"What if I need help and advice while I’m a student?"
You’ll be assigned to a Personal Adviser as soon as you arrive to begin your degree with us. This will be a member of the academic staff, who is there to help to guide you through your degree, advising you on academic pathways, and module choices. They are also your first point of contact if you have any problems, and they can refer you to the comprehensive range of student support services at Queen Mary, such as the Advice and Counselling Service, Careers, Disability and Dyslexia, etc. The School of English and Drama also has a team of administrators who can provide day to day help and advice on a wide range of topics.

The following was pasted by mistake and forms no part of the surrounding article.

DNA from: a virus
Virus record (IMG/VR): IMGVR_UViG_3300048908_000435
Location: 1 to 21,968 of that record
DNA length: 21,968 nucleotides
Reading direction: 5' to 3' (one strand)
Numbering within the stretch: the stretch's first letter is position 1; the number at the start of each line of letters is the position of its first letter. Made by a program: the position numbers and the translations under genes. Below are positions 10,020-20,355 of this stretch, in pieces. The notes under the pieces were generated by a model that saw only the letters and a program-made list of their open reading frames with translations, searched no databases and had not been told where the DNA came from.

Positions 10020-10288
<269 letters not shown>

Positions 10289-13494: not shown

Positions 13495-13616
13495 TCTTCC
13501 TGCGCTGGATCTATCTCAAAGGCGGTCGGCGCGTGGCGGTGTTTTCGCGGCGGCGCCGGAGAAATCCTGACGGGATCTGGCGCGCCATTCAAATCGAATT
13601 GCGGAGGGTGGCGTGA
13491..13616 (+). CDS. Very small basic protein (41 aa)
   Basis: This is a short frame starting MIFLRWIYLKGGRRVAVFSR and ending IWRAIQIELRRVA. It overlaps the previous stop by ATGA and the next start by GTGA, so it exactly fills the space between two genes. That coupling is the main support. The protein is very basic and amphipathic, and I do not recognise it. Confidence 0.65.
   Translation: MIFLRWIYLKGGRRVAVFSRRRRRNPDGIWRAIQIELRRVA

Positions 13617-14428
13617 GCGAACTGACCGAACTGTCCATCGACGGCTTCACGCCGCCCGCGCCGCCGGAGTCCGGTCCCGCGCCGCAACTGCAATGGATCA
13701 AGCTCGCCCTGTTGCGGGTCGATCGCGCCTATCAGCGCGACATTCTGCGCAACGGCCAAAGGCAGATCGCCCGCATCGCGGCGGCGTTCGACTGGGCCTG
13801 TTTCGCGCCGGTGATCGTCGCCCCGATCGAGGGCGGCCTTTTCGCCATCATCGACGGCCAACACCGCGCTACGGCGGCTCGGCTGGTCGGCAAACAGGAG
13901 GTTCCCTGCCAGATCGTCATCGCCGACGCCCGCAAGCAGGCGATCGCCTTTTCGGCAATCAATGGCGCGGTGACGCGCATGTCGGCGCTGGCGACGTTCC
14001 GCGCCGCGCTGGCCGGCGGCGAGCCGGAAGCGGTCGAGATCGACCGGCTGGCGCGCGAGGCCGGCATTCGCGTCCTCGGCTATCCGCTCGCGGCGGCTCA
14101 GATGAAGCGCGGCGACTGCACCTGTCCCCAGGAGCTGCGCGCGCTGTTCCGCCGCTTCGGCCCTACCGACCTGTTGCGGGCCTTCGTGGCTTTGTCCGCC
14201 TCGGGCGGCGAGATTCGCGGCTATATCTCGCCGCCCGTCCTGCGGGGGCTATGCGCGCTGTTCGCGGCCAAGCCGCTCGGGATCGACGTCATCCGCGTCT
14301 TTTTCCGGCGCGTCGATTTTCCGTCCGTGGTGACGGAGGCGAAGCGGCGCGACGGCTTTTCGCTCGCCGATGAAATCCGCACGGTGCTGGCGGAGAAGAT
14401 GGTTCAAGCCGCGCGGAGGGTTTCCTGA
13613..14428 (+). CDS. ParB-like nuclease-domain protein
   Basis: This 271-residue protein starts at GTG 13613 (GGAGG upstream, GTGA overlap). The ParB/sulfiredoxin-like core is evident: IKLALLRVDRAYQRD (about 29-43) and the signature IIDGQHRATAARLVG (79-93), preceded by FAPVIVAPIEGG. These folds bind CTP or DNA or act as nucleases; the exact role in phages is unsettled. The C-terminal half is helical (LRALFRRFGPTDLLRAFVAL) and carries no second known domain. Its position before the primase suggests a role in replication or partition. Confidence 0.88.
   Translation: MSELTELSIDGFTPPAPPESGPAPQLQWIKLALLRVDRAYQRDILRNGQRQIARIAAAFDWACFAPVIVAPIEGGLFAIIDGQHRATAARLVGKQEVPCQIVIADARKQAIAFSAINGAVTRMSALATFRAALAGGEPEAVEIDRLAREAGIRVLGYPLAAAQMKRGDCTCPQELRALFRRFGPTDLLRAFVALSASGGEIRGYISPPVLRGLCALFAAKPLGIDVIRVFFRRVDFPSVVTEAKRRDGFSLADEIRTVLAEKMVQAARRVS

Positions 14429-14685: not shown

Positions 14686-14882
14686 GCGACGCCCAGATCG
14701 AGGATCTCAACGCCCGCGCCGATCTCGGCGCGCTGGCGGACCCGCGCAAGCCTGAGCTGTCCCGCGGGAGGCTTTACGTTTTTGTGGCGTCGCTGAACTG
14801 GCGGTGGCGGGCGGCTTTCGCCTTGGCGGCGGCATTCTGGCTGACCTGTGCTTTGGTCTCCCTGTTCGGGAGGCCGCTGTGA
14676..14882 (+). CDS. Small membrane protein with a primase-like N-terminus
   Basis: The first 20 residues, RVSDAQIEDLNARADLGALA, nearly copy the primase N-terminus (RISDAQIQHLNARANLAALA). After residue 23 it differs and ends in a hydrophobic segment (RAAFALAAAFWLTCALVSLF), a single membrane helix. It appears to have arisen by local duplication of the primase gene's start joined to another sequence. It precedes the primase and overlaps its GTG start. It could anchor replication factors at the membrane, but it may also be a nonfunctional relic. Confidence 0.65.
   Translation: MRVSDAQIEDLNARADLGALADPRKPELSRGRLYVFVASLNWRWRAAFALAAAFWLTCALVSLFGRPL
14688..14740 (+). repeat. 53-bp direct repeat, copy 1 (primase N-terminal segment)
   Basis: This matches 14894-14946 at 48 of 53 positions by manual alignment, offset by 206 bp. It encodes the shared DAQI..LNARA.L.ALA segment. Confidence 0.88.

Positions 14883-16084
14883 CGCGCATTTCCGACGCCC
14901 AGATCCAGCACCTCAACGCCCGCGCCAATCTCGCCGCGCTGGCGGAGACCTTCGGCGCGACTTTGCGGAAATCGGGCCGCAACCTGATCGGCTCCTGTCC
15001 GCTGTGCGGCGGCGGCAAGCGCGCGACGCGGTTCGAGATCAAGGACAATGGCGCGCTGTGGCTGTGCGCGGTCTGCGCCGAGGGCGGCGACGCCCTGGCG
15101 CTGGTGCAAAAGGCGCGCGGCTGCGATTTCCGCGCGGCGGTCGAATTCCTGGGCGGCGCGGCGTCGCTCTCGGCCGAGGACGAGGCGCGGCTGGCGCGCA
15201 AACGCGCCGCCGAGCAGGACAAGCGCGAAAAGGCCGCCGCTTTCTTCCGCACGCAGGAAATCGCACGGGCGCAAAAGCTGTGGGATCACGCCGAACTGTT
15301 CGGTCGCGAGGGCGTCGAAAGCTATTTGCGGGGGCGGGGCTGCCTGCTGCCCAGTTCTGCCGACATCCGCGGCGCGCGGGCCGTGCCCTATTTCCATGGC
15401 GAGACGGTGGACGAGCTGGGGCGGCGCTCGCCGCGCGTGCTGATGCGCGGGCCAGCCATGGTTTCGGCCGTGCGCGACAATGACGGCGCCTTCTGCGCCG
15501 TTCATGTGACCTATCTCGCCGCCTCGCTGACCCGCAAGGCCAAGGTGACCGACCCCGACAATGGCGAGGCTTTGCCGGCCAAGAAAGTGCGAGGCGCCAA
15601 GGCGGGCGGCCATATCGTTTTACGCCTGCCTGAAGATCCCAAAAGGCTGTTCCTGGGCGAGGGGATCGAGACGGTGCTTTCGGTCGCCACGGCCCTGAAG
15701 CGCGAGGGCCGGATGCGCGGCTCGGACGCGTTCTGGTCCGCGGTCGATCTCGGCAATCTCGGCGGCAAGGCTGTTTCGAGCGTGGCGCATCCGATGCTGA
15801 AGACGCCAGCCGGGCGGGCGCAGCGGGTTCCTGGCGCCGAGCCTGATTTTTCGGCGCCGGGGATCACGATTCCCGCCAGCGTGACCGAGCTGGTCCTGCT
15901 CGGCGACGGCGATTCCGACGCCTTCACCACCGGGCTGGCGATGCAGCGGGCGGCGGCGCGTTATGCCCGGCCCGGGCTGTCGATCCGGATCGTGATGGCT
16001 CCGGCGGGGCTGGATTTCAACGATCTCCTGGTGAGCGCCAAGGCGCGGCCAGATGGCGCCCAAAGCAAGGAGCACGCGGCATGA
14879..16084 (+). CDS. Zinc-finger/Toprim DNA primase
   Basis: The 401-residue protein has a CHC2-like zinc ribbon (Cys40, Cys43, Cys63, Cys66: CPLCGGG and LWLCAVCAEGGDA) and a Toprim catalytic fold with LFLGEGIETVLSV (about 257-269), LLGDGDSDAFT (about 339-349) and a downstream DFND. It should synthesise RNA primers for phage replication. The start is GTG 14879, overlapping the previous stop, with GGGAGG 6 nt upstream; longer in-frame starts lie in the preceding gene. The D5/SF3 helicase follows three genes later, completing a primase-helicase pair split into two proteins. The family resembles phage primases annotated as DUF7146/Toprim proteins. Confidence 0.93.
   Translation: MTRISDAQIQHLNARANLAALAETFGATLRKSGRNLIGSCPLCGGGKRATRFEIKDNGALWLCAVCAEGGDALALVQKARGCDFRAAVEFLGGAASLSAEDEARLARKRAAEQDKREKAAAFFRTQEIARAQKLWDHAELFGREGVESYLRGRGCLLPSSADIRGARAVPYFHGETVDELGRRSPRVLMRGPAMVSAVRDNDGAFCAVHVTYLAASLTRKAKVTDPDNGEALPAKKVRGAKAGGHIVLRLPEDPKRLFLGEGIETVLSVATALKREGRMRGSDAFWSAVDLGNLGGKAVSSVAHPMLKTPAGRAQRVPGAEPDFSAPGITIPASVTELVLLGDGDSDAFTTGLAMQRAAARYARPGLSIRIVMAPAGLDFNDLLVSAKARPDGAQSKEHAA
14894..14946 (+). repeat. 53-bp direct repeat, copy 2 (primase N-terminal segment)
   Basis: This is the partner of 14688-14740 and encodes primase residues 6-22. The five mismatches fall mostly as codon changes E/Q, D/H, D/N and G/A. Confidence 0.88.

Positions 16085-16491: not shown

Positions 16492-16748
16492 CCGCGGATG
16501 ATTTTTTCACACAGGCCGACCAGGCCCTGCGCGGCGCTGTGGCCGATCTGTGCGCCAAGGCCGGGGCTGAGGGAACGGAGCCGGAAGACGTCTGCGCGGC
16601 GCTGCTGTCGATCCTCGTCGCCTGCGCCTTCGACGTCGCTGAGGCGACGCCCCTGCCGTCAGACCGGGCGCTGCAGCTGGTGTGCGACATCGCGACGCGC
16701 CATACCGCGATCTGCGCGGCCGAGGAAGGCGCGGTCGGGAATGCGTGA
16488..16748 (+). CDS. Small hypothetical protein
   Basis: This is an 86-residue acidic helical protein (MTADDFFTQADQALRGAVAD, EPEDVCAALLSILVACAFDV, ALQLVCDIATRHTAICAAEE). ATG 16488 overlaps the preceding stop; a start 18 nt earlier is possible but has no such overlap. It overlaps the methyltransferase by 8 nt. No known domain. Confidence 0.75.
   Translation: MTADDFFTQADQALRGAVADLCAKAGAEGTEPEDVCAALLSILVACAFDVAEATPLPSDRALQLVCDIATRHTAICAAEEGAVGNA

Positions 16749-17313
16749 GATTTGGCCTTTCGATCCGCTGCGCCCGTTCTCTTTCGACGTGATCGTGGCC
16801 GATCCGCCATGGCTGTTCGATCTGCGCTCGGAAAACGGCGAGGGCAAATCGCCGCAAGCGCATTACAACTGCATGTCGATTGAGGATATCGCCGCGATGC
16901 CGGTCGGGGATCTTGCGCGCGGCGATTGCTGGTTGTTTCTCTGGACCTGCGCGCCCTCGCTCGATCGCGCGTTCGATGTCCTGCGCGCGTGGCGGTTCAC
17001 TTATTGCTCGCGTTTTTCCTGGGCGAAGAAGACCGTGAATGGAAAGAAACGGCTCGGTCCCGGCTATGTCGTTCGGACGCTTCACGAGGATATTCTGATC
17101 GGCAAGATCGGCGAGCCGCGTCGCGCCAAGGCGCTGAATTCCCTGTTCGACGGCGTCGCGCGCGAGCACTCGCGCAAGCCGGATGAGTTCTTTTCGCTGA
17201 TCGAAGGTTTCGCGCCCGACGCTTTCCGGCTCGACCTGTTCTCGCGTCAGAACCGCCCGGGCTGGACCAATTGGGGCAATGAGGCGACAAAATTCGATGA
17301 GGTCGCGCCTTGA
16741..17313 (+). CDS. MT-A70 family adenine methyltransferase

"What kinds of career opportunities would I have?"
Many! See our After your Degree page for more detailed information.
"If I study Drama at Queen Mary can I become an actor?"
As a research-led department, we’re interested in studying Drama through theory and practice. We’re not a Drama school and, consequently, our undergraduate degrees do not aim to train actors. If you’re looking for classes in such things as voice training, dialect coaching, or acting for the camera, it’s probably best to look elsewhere. Performance practice is still an essential part of studying Drama at Queen Mary, though, and our graduates have gone on to perform and create theatre companies successfully.